Posted by: seekerofthesacred | February 5, 2011

Notes on Safinat an-Naja — Part 1

BismiLlah . . .

as-salamu ‘alaykum wa rahmatuLlah . . .

I will, in sha Allah, be typing up notes to the various lessons I listen to, in order to benefit myself and others — may Allah make my intention sincere! Topics include Hanafi and Shafi’i Fiqh, ‘Aqidah, Tasawwuf, Tafsir and Grammar in sha Allah.

I will be keeping an archive of them and sorting them out on the ‘Notes from Lessons‘ page, so please keep checking on that page!

Safinat an-Naja

For the PDF version of the Notes: Click here

Explanation of ‘Safinat an-Naja’

All praise is due to Allah, and may the salat and salam of Allah be upon the beloved, our master Muhammad, as well as upon his noble and pure descendants and family, and upon his righteous companions. As for that which follows:

Introduction to the Series

The book ‘safinat an-naja’ (the Ship of Salvation) is the second book taught within the traditional fiqh curriculum, as used by Dar al-Mustafa, Ribat Tarim and, in general, the Shafi’i community. Authored by ash-Shaykh Salim b. ‘AbduLlah b. Sa’d b. Sumayr al-Hadrami, it serves as an introductory primer to the topic; being a matn, it was designed to be taught. As such, we will be relying on the lessons of Shaykh Jamal ad-Din Hysaw hafizahuLlah, available here, who studied at the feet of eminent Shafi’i fuqaha (jurists) and awliya’ (saints)  in the city, the centre of learning, Tarim in Hadramawt.

We highly recommend that your purchase the extremely qualified and well-versed Shaykh Fa’iz al-Qurashi’s translation of the book, which can be done here. Moreover, naturally we may miss some of Shaykh Jamal’s commentary, as this is not a verbatim transcription. We thus highly recommend you to listen to the freely available lessons yourself, and utilise these notes merely as an aid to study. Please note that Shaykh Jamal has an extremely important introduction where intention is discussed, that must be listened to prior to studying the texts, if one wishes to derive full benefit.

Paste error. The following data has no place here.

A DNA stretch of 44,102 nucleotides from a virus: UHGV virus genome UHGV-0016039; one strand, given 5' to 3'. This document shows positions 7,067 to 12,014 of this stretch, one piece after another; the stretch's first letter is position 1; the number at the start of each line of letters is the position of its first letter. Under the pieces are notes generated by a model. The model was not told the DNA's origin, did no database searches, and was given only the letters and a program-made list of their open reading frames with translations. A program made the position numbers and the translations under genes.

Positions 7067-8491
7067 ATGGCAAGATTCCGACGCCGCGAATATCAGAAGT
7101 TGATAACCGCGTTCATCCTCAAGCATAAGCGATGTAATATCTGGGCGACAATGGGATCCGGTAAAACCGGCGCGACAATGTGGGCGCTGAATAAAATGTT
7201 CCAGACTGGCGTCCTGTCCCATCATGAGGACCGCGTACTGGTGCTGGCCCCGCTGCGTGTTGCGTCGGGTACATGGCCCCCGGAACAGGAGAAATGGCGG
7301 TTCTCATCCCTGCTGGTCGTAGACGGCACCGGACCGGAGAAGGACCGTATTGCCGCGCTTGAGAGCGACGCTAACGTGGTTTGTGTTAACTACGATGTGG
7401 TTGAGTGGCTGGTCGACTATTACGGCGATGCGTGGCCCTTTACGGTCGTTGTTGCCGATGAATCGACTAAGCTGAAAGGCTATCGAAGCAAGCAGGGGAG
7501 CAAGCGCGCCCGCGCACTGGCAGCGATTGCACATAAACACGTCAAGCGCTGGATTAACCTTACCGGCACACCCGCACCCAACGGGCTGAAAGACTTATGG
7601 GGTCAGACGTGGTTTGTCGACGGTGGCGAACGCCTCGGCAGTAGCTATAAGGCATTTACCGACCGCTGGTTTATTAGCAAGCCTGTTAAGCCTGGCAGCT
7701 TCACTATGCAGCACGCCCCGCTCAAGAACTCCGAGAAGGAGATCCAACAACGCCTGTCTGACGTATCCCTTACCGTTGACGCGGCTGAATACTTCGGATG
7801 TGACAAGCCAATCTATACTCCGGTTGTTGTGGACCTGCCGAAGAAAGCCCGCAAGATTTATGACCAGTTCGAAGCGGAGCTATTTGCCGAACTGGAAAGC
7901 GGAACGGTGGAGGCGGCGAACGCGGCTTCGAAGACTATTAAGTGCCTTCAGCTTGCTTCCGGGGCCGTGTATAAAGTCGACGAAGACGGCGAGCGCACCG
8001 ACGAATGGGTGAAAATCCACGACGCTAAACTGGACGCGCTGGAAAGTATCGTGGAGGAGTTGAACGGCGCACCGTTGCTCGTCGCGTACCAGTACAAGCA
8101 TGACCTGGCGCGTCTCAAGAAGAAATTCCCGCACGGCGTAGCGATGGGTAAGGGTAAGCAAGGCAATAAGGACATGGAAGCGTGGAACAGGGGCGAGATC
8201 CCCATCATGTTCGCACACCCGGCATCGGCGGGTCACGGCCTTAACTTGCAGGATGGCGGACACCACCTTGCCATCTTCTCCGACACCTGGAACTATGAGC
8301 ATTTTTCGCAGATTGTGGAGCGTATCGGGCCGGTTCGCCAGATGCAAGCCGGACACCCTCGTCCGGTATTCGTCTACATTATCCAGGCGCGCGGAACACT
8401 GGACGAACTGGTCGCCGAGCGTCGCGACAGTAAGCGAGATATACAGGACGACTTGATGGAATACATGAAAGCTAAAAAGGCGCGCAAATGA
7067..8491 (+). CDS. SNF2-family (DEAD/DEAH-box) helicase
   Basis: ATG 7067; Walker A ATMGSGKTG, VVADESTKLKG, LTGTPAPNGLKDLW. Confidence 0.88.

May Allah make our intentions sincere and fruitful, and may he allow this to be a cause of benefit for al-ummah al-Muhammadiyyah, the Muhammadan  nation, sallaLlahu ‘alayhi wa alihi wa sallam.

The Author’s Introduction, and its Explanation

بسم الله الرحمن الرحيم

In the Name of Allah, the Compassionate, the Merciful

By uttering the basmalah (as the statement above is known as), we are beginning our action with the name of Allah, for example our learning of this text. We are seeking help and blessing from Allah.

‘Ar-Rahman’ and ‘Ar-Rahim’ signify different types of mercy. As for the former, it is a more general type, which encompasses both Muslims and non-Muslims, and indeed the entire creation of Allah. The latter, however, signifies a unique mercy specifically shown to the believers – those who accept Allah’s revelation to his prophets, ending with al-Habib al-Mustafa, sayyiduna Muhammad sallaLlahu ‘alayhi wa alihi wa sallam.

In the science of fiqh (jurisprudence), there is a hukm (legal ruling) for everything, including the very utterance of the basmalah. It is fard to recite in al-Fatihah (during prayer), sunnah for actions of significance, mubah for actions of non-siginificance, makruh for actions which are themselves makruh and haram for actions which are themselves haram, as ‘being content with sin is worse than the sin’.

In order for the above to make complete sense, it is necessary to outline the definitions of each of the possible rulings an action can take, and their definitions:

1.      Fard: that which, if performed, one is rewarded, and if left, one is punished.

2.      Sunnah: that which, if performed, one is rewarded, but if left, there is no punishment.

3.      Mubah: that which is permissible, and it is thus the same whether this is performed or left.

4.      Makruh: that which, if performed, one is not punished, but if left, one is rewarded.

5.      Haram: that which, if performed, one is punished, and if left, one is rewarded.

Note: Allah forgives that which he wills, and our duty is to make tawbah. Mubah actions can be conjoined with good intentions and be rewarded. Sunnah actions should not be left, as they are our shield from the devil, guarding our obligations (fara’id, plural of fard).

الحمد لله رب العالمين

All praise is due to Allah, Lord of the worlds

‘All praise’ is a translation of ‘al-hamdu’. Literally, however, ‘hamd’ simply means praise, and the ‘al’ makes this definite. However, if we examine the noble science of balaghah or rhetoric, we come to realize that the ‘al’ adds the connotation of ‘all’. This is in a similar fashion to statements such as ‘I have THE car’, which would emphasise the greatness of this car. Similarly, ‘THE praise’ emphasized the encompassing nature of the praise, which is owed to Allah, the Lord of the worlds.